The very first World Series was played in 1903 between the Boston American League club (now the Boston Red Sox) and the Pittsburgh Pirates.
Although the first world series wasn’t played until 1903, there was a previous championship called “The Championship of the United States” and “World’s Championship Series”, which the winners of the National League and American Association had played from 1884 to 1891. The Series ended when the American Association folded in 1891.
Ban Johnson formed the American League in 1901 to try and take advantage of the National League’s cut down from twelve teams down to eight. Ban Johnson and fellow owners raided the senior circuit and signed away many star players. This constant raiding formed the idea of a championship between the National and American Leagues.
The two leagues finally called a truce in the winter of 1902. The following August, Barney Dreyfuss, owner of the Pittsburgh Pirates challenged the Boston American League Club to an eleven game Championship Series but instead agreed to a best-of-nine championship The first three games were played in Boston, the next four in Pittsburgh, and the remaining two in Boston.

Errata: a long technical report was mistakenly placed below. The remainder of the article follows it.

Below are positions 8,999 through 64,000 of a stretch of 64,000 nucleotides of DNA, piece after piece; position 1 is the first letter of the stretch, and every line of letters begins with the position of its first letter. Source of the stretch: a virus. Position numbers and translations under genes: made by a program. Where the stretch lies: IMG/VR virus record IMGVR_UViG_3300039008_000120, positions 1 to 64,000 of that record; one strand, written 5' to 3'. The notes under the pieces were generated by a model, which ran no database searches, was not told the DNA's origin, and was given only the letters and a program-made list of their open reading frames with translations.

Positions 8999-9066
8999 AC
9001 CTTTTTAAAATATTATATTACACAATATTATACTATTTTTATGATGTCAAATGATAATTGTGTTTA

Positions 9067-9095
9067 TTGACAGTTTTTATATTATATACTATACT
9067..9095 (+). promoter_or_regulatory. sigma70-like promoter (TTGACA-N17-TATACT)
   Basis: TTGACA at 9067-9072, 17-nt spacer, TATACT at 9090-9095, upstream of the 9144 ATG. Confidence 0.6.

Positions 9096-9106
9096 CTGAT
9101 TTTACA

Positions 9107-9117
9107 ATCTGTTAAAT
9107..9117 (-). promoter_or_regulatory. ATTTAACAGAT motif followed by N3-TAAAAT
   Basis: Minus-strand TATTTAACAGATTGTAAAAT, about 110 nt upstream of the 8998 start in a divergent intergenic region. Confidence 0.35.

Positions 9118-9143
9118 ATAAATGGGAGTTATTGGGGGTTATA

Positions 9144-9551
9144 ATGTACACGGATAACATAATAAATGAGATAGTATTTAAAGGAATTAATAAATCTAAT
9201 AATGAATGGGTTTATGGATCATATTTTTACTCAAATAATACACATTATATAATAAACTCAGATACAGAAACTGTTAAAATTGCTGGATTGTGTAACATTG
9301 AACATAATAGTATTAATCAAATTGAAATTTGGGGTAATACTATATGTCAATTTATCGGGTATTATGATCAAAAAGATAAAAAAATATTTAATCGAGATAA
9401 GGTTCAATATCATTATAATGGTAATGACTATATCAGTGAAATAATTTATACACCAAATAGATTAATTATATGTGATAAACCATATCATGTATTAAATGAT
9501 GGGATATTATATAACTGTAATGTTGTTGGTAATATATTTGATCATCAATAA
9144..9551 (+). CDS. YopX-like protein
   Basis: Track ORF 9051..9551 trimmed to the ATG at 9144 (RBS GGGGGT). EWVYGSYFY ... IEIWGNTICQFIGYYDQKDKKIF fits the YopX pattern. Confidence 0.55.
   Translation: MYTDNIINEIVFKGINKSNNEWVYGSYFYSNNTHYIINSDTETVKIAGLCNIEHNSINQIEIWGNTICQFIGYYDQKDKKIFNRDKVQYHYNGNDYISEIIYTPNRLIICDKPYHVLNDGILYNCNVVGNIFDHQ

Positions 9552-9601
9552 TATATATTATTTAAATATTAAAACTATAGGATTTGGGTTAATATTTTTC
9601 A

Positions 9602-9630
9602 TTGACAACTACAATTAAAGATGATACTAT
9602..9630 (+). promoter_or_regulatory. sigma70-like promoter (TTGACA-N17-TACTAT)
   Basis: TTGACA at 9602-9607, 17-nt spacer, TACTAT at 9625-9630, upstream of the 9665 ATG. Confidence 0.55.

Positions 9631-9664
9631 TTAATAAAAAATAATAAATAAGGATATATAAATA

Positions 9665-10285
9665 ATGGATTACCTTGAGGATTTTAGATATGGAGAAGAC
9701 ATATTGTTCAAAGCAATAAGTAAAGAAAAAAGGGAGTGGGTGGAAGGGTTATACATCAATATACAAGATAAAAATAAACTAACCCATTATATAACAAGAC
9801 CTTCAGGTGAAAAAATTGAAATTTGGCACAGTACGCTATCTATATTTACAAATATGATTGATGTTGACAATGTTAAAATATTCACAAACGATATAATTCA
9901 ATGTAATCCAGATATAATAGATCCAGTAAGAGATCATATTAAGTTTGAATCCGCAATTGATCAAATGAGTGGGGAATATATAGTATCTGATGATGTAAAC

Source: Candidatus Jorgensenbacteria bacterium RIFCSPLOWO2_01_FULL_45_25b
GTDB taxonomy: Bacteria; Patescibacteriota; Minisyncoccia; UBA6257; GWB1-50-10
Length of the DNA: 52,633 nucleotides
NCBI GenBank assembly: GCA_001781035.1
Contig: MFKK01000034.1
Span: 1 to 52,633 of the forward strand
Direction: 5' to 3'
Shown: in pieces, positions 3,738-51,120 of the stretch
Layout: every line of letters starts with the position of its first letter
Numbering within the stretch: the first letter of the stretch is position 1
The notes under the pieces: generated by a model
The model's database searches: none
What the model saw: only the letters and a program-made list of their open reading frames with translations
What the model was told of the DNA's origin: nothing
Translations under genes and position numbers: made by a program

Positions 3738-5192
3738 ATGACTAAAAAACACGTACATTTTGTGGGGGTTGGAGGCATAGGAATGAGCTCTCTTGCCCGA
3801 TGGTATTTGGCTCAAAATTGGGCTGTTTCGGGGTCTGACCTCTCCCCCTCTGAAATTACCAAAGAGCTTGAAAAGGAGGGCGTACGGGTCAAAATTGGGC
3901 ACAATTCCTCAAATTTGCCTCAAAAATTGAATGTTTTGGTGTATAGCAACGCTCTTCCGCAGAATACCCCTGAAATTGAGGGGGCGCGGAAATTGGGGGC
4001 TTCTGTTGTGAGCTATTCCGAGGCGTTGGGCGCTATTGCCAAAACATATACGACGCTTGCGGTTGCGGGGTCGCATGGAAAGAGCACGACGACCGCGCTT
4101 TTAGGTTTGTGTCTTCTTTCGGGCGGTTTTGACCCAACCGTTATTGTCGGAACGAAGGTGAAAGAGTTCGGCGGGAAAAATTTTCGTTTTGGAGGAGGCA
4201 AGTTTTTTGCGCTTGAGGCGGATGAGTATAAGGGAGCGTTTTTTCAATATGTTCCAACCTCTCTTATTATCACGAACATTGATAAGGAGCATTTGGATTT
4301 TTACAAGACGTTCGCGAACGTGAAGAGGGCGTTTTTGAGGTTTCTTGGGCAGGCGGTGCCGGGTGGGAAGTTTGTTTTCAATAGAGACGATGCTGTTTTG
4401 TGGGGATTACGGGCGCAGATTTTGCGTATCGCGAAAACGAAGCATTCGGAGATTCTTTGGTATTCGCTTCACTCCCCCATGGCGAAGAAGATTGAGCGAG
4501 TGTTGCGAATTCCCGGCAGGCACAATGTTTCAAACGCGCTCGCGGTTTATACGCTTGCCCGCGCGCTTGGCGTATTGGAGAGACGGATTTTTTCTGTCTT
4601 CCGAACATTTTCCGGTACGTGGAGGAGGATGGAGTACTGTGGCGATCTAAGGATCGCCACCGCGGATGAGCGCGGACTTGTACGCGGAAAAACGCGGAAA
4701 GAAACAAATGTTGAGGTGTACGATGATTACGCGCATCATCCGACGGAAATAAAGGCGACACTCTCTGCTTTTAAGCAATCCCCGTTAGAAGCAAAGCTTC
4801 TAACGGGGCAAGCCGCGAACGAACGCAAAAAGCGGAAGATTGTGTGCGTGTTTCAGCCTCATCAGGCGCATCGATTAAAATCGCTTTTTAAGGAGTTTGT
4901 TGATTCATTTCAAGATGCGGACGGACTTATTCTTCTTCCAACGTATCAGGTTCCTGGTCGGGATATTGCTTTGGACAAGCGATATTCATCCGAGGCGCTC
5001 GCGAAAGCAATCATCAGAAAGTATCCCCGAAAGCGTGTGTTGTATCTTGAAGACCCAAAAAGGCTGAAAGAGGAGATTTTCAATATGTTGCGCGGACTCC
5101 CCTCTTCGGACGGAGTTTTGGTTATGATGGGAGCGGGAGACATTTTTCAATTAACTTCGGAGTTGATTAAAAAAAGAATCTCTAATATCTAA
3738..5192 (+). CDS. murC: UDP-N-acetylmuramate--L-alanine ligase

Some in-game action saw Sam Leever, pitcher for the Pittsburgh Pirates injuring his shoulder while trap-shooting. His teammate Deacon Phillippe had to stand in and pitch five complete games for Pittsburgh. He even set a World Series record by striking out ten Boston batters, but that record was later broke, as Dinneen struck out eleven Pittsburgh batters in Game 2!
The Boston Americans came back behind to win the final four games. The end result for the 1903 World Series, Boston won the first World Series five games to three, winning the last four.
Barney Dreyfuss, owner of the Pittsburgh Pirates added his share of the gate receipts to the players’ share. This meant that the losing team’s players actually finished with a larger individual share than the winning team.
The very first World Series was a voluntary arrangement between the two clubs, and so a World Series in 1904 did not take place.
The success of the first World Series proved the new American League could beat the best of the National League, increasing the demand for future World Series’. And so in 1905, the World Series was made into a formal compulsory annual event.